Current trends indicate that by 2040 residential buildings will consume up to 28% less energy for heating but about 50% more for cooling. 

Which renewable energy source contributed the most to the total energy consumed in the United States in 2014?

  • Sorry, that’s incorrect.

    Wood and waste biomass, along with biofuels, accounted for about 50% of the U.S. renewable energy supply in 2014, and more than 4% of all energy consumed. 

  • Sorry, that’s incorrect.

    Wood and waste biomass, along with biofuels, accounted for about 50% of the U.S. renewable energy supply in 2014, and more than 4% of all energy consumed. 

  • Correct!

    Wood and waste biomass, along with biofuels, accounted for about 50% of the U.S. renewable energy supply in 2014, and more than 4% of all energy consumed. 

  • Sorry, that’s incorrect.

    Wood and waste biomass, along with biofuels, accounted for about 50% of the U.S. renewable energy supply in 2014, and more than 4% of all energy consumed. 

According to the Corporate Average Fuel Economy (CAFE) standards, what is the average miles per gallon (mpg) required for new cars, SUVs, and light trucks (combined) by 2025?

  • Sorry, that’s incorrect.

    The most recent federal efficiency standards, finalized by the U.S. National Highway Traffic Safety Administration (NHTSA) and the Environmental Protection Agency (EPA) in 2012, are projected to increase fuel economy to the equivalent of 54.5 mpg for cars and light-duty trucks by model year 2025, while also reducing CO2 emissions. 

  • Sorry, that’s incorrect.

    The most recent federal efficiency standards, finalized by the U.S. National Highway Traffic Safety Administration (NHTSA) and the Environmental Protection Agency (EPA) in 2012, are projected to increase fuel economy to the equivalent of 54.5 mpg for cars and light-duty trucks by model year 2025, while also reducing CO2 emissions.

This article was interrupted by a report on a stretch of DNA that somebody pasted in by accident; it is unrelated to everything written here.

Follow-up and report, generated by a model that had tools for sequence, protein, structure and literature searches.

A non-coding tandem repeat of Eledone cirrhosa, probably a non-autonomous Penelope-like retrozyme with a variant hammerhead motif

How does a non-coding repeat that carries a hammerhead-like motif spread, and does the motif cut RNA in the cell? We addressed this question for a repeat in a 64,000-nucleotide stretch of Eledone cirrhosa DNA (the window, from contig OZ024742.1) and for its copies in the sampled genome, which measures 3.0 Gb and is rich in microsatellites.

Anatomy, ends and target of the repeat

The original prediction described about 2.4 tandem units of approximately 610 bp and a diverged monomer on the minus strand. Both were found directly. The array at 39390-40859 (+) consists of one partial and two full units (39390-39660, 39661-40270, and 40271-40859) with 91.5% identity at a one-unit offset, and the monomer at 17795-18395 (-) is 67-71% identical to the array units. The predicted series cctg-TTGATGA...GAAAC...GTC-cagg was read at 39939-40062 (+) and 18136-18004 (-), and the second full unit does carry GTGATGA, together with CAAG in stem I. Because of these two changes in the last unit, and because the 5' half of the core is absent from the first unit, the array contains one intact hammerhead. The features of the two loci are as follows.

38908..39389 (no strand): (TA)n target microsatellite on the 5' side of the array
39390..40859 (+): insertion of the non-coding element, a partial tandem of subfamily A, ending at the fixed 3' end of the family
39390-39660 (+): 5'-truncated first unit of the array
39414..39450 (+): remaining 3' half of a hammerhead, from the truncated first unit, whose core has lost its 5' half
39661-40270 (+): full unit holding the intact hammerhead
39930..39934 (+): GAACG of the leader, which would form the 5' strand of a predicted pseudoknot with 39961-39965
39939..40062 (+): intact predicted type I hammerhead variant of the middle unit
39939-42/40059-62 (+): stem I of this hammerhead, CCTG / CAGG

• Sorry, that’s incorrect.

    The most recent federal efficiency standards, finalized by the U.S. National Highway Traffic Safety Administration (NHTSA) and the Environmental Protection Agency (EPA) in 2012, are projected to increase fuel economy to the equivalent of 54.5 mpg for cars and light-duty trucks by model year 2025, while also reducing CO2 emissions. 

  • Correct!

    The most recent federal efficiency standards, finalized by the U.S. National Highway Traffic Safety Administration (NHTSA) and the Environmental Protection Agency (EPA) in 2012, are projected to increase fuel economy to the equivalent of 54.5 mpg for cars and light-duty trucks by model year 2025, while also reducing CO2 emissions. 

  • Sorry, that’s incorrect.

    The most recent federal efficiency standards, finalized by the U.S. National Highway Traffic Safety Administration (NHTSA) and the Environmental Protection Agency (EPA) in 2012, are projected to increase fuel economy to the equivalent of 54.5 mpg for cars and light-duty trucks by model year 2025, while also reducing CO2 emissions. 

In 2014, approximately how much of the oil used in the U.S. was imported?

  • Sorry, that’s incorrect.

    The United States imported approximately 27% of its oil. More than one-third of that came from Canada.

  • Correct!

    The United States imported approximately 27% of its oil. More than one-third of that came from Canada.

  • Sorry, that’s incorrect.

    The United States imported approximately 27% of its oil. More than one-third of that came from Canada.

  • Sorry, that’s incorrect.

    The United States imported approximately 27% of its oil. More than one-third of that came from Canada.

Place this badge on your facebook page to show your friends what you know about energy.

Get the badge

Place this badge on your facebook page to show your friends what you know about energy.

Get the badge

OR, get a higher score to unlock a different badge.

Retake the quiz

Place this badge on your facebook page to show your friends what you know about energy.

Get the badge

OR, get a higher score to unlock a different badge.

Retake the quiz

Explore Other Topics

Energy Hands-on

The Promise of Better Lighting

Energy savings through lighting technology

Energy Defined

Greenhouse Gas

A gas which, like a greenhouse window, allows sunlight to enter and then prevents heat from escaping—in this case, from Earth’s atmosphere. The most common greenhouse gases are water vapor, carbon dioxide (CO2), methane (CH4), nitrous oxide (N2O), halocarbons, and ozone (O3).

View our full glossary